How a Lib Dem budget could respond to the real challenges our nation faces

As we approach the forthcoming Budget, we have the opportunity to present ourselves as the party of business which also cares about the dreadful level of inequality in the UK today.

Brexit is obviously the key issue affecting the economy and there is nothing more pro business than our stance of wanting to remain in the Single Market and the customs union. Rising inflation is hitting the low paid particularly hard. Public sector workers need and deserve a proper pay rise. It is a disgrace when one reads that nurses are having to rely on food banks.

Outside of Brexit, fixing the broken housing market has to be our number one domestic economic priority. Ending the scandalous and wasteful right to buy scheme has to be the easiest way of helping to cool the housing market. Enabling local authorities to borrow to build social housing also has to make sense. We spend billions a year on housing benefit tenants, money which could be much better spent on building up affordable housing stock which has been so badly depleted since the 1980s. To address concerns over immigration extra funds have to be made available for house building in areas which have seen higher population growth.

Secondly we need to address the impact the internet is having on our economy and tax base. Business rates are a 19th century tax in the digital age. We need to reform or replace these with an alternative such as a tax on turnover which enables high street businesses to compete more fairly with online equivalents.

When it comes to transport, millions of us waste hours a day commuting on overcrowded public transport to an office when we could work from home. A budget which provides a real tax incentive to encourage staff to work from home could have a huge impact on productivity as well as meaning real savings for hard pressed workers who are sick of train fares chewing up an ever increasing proportion of their income.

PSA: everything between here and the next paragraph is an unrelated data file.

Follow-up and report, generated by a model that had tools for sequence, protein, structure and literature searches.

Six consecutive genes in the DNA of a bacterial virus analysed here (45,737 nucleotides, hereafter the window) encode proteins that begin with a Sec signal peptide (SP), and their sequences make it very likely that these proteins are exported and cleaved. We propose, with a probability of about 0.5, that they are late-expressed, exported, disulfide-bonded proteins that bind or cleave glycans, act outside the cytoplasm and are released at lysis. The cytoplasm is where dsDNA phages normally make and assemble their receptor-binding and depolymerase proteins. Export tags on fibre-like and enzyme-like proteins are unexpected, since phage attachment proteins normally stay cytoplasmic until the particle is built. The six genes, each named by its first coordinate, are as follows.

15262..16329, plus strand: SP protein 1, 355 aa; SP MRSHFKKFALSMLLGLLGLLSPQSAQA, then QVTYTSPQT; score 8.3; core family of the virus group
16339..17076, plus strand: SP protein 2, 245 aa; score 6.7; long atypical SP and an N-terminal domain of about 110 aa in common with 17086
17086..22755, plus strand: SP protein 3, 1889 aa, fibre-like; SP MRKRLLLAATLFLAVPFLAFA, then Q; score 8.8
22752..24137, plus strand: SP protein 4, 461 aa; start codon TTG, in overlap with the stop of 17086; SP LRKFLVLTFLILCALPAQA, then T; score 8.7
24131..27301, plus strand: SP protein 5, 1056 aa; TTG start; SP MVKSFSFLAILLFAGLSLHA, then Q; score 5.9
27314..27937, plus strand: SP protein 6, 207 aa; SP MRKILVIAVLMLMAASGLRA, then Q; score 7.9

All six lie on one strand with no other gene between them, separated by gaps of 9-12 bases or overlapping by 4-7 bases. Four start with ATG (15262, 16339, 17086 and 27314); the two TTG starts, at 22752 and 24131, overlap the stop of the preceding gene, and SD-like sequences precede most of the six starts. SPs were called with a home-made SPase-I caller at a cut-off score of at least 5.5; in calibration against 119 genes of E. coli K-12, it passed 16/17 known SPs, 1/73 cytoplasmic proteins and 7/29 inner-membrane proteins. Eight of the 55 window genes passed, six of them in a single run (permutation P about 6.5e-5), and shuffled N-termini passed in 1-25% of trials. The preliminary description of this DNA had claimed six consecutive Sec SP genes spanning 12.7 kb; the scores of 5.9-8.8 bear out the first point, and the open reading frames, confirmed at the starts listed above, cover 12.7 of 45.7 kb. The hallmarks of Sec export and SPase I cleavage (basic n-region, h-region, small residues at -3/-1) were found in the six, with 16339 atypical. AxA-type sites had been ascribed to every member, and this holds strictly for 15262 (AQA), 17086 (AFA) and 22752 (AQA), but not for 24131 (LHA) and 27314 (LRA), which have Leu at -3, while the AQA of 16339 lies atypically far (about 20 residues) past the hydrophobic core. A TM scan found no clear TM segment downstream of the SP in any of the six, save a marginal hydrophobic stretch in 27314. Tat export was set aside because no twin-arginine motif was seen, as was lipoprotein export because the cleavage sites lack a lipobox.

Tax simplification reform and cutting the cost of compliance for individuals, small businesses and the self-employed would also be part of my budget. There are 10 million words in our tax laws. Despite being a Chartered Accountant it took me hours to complete my tax return when I used to have a buy to let property, so I feel for those who have to manage their taxes without the help of advisors.

We also have to do something to tackle the debt crisis and lack of savings in our economy. Vince has put forward some sensible proposals on providing debt relief and breathing space for people already deeply indebted.

Finally perhaps the most important lesson of the General Election is the inter-generational unfairness in our economy. A simple way to address this issue would be to remove the higher rate tax relief for pensions savings for those close to retirement. Some of the money saved could be used to provide genuinely affordable child care. The Conservatives have failed to adequately fund the “free” 30 hours promised in 2015. Rates provided by some councils such as mine in Richmond are nowhere the actual cost of childcare. By making good on the promise of genuinely free child care it would also encourage parents back into work, especially in lower paid jobs where child care eats up a large proportion of their after tax income.

Sadly, whatever we may like to plan for now, if we have a hard Brexit and no transition with the EU, all bets are off for the future. Any budget written now may soon have to be ripped up anyway. Who would want to be the Chancellor right now in that scenario?